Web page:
Python would never say it. He claimed the phrase was cursed. It was how his father would drag his mother back after a beating, after all. What goodness could come out of a phrase like that?
He would show it, in the extra portion left at Forsyth’s bed on his bad days, when Forsyth's armor would be mysteriously scrubbed clean of blood, by even staying in the army. On the worst nights Lukas would find him standing on the outskirts of camp, or draped in tree branches, or facedown in a shoddy bar. Every time, Lukas politely asked him to come back and get some rest. Every time as they walked back, Lukas asked if Python was leaving. Every time, Python said, “not yet.” Lukas used to wonder when "yet" was. What would push Python to the brink and leave him hanging from a tree. As it turned out, nothing would. Even Forsyth's death was not enough. After the war, Lukas asked him why he accepted the knighthood from the One Kingdom. He could have turned it down, after all. Python said nothing, then, only looked him in the eyes and quirked an eyebrow. Lukas already knew the answer. What else could Python do, but follow the dream Forsyth could not?
Mae whispered, desperately, as the white magic flowed from her fingertips to Boey’s paling skin. He had to live, he had to, because she loved him. She loved him and by Mila’s bounty he would not die. He wouldn't die, not before her words could be said, before they could go back to Novis, before she could use her magic for good like she dreamed.
When Boey’s eyes flew open, his brown eyes twinkling with zips of magic, white hair standing on end, she kissed him. What else was she supposed to do? He was there. He was alive. His heart was beating rapidly under her hand still on his chest. Never again would Boey become so close to dying, not on her watch.
Leon knew he was wrapping himself in falsehoods, but what did he care? Love made him happy. It also made him stupid, but that was less important. He would dance around in the world in a fittering dream. Fighting for Valbar gave him a certain kind of joy nothing else could bring. After Jonas had died, he needed something to fill the gap. Anything. So maybe he became overly attached to a clearly disinterested man. So be it. It soothed the pain.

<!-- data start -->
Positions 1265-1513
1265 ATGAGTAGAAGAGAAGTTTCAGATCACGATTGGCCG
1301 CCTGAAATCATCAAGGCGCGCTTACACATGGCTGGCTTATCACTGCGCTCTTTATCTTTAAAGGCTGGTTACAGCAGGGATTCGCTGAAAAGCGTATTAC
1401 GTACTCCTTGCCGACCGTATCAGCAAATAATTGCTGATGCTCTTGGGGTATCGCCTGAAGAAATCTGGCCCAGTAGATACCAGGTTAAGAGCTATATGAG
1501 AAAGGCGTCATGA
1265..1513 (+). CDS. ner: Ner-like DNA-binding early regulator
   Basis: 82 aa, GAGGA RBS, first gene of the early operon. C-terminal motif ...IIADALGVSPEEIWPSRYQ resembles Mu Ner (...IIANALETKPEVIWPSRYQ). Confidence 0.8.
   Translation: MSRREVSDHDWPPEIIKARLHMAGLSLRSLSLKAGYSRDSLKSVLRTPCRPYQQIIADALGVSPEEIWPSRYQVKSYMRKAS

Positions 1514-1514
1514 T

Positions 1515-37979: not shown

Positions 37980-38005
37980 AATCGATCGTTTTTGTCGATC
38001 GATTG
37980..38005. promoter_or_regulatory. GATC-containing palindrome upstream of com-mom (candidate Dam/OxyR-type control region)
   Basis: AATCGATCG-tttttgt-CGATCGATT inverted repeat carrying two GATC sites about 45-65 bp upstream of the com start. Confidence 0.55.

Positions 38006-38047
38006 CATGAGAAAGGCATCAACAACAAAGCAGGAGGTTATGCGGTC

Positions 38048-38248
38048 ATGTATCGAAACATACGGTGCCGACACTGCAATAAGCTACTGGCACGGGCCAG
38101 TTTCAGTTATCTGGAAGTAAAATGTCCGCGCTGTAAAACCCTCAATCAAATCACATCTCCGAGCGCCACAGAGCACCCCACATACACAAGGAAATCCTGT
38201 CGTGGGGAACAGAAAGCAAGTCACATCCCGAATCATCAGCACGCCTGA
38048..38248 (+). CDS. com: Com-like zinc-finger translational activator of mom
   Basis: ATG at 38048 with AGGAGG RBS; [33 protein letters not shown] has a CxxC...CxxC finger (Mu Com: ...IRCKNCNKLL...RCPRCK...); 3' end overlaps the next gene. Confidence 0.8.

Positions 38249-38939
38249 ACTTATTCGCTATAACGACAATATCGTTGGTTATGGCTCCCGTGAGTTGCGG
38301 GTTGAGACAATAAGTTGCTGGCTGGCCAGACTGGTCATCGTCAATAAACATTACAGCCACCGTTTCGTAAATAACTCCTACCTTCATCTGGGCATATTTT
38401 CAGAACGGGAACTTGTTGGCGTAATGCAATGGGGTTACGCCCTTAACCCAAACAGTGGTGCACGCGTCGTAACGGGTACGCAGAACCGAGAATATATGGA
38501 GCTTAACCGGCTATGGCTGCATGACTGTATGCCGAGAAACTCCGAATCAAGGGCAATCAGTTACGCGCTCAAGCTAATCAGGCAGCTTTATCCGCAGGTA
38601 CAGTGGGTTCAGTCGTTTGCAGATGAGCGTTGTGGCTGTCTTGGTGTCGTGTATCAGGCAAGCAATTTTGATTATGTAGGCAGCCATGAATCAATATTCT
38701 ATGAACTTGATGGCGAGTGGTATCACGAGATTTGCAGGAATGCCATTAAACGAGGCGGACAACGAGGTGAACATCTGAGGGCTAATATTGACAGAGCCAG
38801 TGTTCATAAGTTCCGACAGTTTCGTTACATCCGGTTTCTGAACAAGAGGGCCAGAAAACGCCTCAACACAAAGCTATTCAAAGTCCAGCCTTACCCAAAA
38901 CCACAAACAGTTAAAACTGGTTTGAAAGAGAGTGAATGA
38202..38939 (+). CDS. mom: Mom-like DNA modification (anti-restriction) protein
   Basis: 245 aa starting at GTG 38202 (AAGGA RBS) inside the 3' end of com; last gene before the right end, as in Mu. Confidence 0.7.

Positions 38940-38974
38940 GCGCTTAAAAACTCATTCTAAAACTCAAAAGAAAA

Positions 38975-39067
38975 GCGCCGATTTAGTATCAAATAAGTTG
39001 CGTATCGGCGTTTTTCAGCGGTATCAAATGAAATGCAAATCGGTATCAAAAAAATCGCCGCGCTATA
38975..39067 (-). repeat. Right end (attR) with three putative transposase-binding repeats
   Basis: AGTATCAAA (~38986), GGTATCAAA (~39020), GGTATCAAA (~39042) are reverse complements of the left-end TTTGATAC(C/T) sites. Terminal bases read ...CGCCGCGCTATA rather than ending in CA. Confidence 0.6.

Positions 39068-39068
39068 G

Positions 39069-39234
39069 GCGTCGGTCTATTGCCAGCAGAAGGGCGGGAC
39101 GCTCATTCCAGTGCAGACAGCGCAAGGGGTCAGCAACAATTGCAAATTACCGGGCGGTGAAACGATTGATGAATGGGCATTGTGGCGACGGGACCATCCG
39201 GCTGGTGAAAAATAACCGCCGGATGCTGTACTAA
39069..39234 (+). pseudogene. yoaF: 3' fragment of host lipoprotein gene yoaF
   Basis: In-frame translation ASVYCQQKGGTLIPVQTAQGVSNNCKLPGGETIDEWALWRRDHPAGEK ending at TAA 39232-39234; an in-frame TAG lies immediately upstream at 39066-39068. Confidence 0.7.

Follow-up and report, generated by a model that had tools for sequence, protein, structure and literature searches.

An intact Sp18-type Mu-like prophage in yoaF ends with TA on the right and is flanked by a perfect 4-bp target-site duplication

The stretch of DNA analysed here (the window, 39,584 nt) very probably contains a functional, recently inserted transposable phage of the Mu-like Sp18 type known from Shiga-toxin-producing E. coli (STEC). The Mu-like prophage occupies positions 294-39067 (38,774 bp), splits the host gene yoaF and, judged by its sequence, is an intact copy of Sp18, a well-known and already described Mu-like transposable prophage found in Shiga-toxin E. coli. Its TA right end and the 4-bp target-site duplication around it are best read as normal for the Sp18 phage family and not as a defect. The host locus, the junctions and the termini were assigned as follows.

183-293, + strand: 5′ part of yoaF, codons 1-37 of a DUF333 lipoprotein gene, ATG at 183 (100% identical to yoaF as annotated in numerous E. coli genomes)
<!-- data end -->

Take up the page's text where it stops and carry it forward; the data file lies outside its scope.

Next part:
And it wasn't as if he didn't love Valbar, no, he did. He wanted only the best for the man. Leon knew, though, that his love was unrequited. He knew love could only be so true if it weren't returned.
Tatiana was noisy like a songbird. She declared herself, for all to see. Zeke would be embarrassed, sometimes, as she fluttered around the camp, discussing her latest exploits with anyone willing to listen. She gained a name as the absentminded lovebird, one she accepted with glee.
When his memories returned, so too did thoughts of a thin woman with pale blonde hair and the saddest expression Tatiana had ever seen. When Zeke asked her if she would let him go, what else was she supposed to say but "yes"? She knew just as well as he that he had to go. He had to. Tatiana, for her part, made herself busy, and joined with an old friend in traveling across Rigel. Together they healed the wounded as Tatiana ignored her own scars. Zeke returned with yet another mask in his bag and a great weight off his chest.
When she was young and foolish, Celica did not believe in love. Love, after all, was what her father had pretended to have. She had realized, slowly, what love was. It wasn’t the decadent gardens or golden hairpieces. It was the ability to believe. To know you would stand by that person, no matter the odds, no matter if they love another. Love was to love.
Celica professed at the worst time that she loved him. Duma was deeper into the cavern, though his massive tremors shook the floor all the same. In a break from the killing, as the healers rushed to seal wounds and magic away broken limbs, Celica took Alm’s hand. “I’ll stand beside you till the day I die.” It was enough. When the wedding came, there would be extravagant vows and elegant dresses; until then, a bloodstained promise was enough.